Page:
Commom core standards are the worst thing to happen to education in a LONG time. We are dumbing down our children in some areas (math) and pushing them too hard in others (ELA). Textbooks shouldn't be the same level as literature. And let's not forget the data tracking, and WHERE these standards came from. A private foundation should not be funding PUBLIC education!! Get the facts!! Stop Common CORE!

    Reply | Report abusive comment
.

Solano News

Luncheon honors women for their work to help others

By Susan Hiland | From Page: A1, 1 Comment | Gallery

 
Sheepdogs, handlers flock to Rio Vista for trials

By Susan Winlow | From Page: A1, 1 Comment | Gallery

Fraisure Smith hearing delayed twice Friday

By Ryan McCarthy | From Page: A1, 14 Comments | Gallery

 
Solano Rotary clubs honor top firefighters from across county

By Bill Hicks | From Page: A3 | Gallery

 
Eatery to host event to support child with cancer

By Glen Faison | From Page: A3

 
Project begins to brighten downtown Fairfield

By Susan Hiland | From Page: A3, 21 Comments | Gallery

 
Fairfield police log: March 26, 2016

By Susan Hiland | From Page: A9, 1 Comment

Suisun police log: March 26, 2015

By Susan Hiland | From Page: A9

 
Going home to mother

By Murray Bass | From Page: B10, 2 Comments

 
.

US / World

 
Jury says Silicon Valley firm did not discriminate

By The Associated Press | From Page: A3

 
Gov. Brown signs $1 billion water plan for dry California

By The Associated Press | From Page: A4 | Gallery

 
Public defender: San Francisco jail inmates forced to fight

By The Associated Press | From Page: A4

 
NY mayor: Someone may have ‘inappropriately’ tapped gas line

By The Associated Press | From Page: A5 | Gallery

Feds: Baltimore jail illegally keeping juveniles in solitary

By The Associated Press | From Page: A5

 
Autopsies determine children found in freezer were slain

By The Associated Press | From Page: A5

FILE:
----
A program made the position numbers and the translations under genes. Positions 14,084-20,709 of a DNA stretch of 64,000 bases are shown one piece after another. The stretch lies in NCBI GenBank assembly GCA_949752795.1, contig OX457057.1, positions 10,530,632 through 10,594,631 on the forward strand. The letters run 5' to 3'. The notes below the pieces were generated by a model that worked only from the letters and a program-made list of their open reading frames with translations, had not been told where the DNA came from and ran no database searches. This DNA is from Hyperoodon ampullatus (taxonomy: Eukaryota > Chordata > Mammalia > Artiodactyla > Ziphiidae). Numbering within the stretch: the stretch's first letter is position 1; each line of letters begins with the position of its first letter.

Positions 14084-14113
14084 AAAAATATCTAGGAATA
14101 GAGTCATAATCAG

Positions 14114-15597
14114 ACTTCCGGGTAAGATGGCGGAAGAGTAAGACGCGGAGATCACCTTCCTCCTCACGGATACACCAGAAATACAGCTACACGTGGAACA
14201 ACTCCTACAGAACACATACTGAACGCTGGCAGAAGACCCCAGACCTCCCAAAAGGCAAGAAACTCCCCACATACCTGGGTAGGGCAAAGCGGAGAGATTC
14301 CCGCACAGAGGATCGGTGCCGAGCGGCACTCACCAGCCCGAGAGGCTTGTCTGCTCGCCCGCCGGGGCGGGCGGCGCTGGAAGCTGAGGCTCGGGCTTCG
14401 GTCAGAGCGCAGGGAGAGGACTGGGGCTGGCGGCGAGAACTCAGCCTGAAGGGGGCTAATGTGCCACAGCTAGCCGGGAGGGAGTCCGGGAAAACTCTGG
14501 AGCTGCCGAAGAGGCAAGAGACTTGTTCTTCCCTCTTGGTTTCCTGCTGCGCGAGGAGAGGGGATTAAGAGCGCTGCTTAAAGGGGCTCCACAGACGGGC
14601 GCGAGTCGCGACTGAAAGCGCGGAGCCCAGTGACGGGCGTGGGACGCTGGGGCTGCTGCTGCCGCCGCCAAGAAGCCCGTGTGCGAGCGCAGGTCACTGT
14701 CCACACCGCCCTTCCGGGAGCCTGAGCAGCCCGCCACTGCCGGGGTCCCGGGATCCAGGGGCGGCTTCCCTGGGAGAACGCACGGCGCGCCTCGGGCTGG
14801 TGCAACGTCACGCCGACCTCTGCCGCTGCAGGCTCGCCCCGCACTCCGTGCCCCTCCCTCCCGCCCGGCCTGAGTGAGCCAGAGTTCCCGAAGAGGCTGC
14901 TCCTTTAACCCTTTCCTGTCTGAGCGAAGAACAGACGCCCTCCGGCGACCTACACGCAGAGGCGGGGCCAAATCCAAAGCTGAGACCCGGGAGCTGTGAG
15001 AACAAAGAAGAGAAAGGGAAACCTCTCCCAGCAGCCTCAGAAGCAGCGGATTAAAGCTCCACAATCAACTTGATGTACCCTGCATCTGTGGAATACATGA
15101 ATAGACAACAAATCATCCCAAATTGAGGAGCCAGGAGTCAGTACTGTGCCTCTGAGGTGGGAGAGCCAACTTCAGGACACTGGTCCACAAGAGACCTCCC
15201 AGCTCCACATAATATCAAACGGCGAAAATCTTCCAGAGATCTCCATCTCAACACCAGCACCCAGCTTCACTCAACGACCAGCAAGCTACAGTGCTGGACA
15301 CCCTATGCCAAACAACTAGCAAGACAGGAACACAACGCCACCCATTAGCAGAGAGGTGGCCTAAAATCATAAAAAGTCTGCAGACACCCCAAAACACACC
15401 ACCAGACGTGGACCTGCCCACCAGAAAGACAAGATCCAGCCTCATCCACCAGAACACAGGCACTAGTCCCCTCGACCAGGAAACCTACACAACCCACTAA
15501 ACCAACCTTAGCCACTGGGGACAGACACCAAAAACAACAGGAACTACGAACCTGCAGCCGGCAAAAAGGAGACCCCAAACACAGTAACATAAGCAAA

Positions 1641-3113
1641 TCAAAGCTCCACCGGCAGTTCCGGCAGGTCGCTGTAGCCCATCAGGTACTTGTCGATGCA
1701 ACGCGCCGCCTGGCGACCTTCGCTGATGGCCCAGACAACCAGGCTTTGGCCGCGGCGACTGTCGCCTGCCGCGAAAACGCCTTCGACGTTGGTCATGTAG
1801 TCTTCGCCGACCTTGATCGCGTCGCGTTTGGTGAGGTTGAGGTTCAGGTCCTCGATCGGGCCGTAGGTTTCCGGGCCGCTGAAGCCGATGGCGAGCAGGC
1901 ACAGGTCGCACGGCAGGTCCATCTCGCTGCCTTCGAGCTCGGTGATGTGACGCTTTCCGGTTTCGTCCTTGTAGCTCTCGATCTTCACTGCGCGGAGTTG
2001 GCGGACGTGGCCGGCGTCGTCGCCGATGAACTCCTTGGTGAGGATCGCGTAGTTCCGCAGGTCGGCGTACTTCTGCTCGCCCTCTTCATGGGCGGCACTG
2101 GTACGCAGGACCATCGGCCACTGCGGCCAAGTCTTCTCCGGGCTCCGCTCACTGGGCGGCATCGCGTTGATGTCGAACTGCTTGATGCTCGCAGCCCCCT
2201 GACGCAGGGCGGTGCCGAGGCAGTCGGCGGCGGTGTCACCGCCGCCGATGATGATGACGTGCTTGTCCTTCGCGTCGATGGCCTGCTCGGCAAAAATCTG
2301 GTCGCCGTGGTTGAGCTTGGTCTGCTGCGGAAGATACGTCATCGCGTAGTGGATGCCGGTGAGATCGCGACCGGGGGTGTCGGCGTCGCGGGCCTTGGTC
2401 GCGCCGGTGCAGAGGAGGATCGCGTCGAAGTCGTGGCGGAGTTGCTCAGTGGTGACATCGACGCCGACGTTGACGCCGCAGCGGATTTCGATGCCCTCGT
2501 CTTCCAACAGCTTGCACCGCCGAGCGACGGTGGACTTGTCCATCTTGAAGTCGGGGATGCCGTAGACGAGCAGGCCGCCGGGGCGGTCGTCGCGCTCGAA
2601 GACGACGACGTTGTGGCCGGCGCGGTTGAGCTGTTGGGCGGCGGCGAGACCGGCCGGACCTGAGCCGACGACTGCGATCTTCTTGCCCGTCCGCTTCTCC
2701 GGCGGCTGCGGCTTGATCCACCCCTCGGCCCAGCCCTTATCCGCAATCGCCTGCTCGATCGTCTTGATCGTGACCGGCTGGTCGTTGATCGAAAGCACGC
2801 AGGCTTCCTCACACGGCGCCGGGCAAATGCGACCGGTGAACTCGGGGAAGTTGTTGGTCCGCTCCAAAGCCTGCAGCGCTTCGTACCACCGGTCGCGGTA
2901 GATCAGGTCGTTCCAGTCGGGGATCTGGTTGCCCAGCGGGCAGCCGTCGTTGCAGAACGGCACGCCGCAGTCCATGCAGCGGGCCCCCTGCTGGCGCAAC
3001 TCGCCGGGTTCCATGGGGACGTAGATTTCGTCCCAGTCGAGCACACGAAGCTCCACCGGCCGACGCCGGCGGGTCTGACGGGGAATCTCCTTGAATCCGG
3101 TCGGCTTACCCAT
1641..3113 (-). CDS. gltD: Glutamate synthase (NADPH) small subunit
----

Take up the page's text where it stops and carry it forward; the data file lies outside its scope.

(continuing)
Fetus debate looms following charges in womb-cutting case

By The Associated Press | From Page: A5

 
 
‘Sopranos’ star’s apartment destroyed by blast

By The Associated Press | From Page: A7

 
Pilot who scared passengers sues airline

By The Associated Press | From Page: B7

‘Mad Men’ costumes, props head to Smithsonian

By The Associated Press | From Page: A7

 
US economy showing signs of durability

By The Associated Press | From Page: B7, 1 Comment

Mexico City businesses cite losses during Bond filming

By The Associated Press | From Page: A7

 
Nelson set to return to role as Coach

By The Associated Press | From Page: A7

 
German airline could face ‘unlimited’ damages for Alps crash

By The Associated Press | From Page: A10

Co-pilot appeared healthy, but may have hidden illness

By The Associated Press | From Page: A10

 
About 4,000 fishermen stranded on Indonesian islands

By The Associated Press | From Page: A10, 1 Comment

Iran says nuke talks focused despite Yemen crisis

By The Associated Press | From Page: A11

 
Warships move in key strait as airstrikes widen in Yemen

By The Associated Press | From Page: A11 | Gallery

At least 9 dead as militants attack hotel in Somali capital

By The Associated Press | From Page: A12

 
Amanda Knox murder conviction overturned by Italy high court

By The Associated Press | From Page: A12

.

Living

Books as decor: Versatile but meaningful design elements

By The Associated Press | From Page: HSR1Comments are off for this post | Gallery

 
Today in History: March 28, 2015

By The Associated Press | From Page: A2

Community Calendar: March 28, 2015

By Susan Hiland | From Page: A2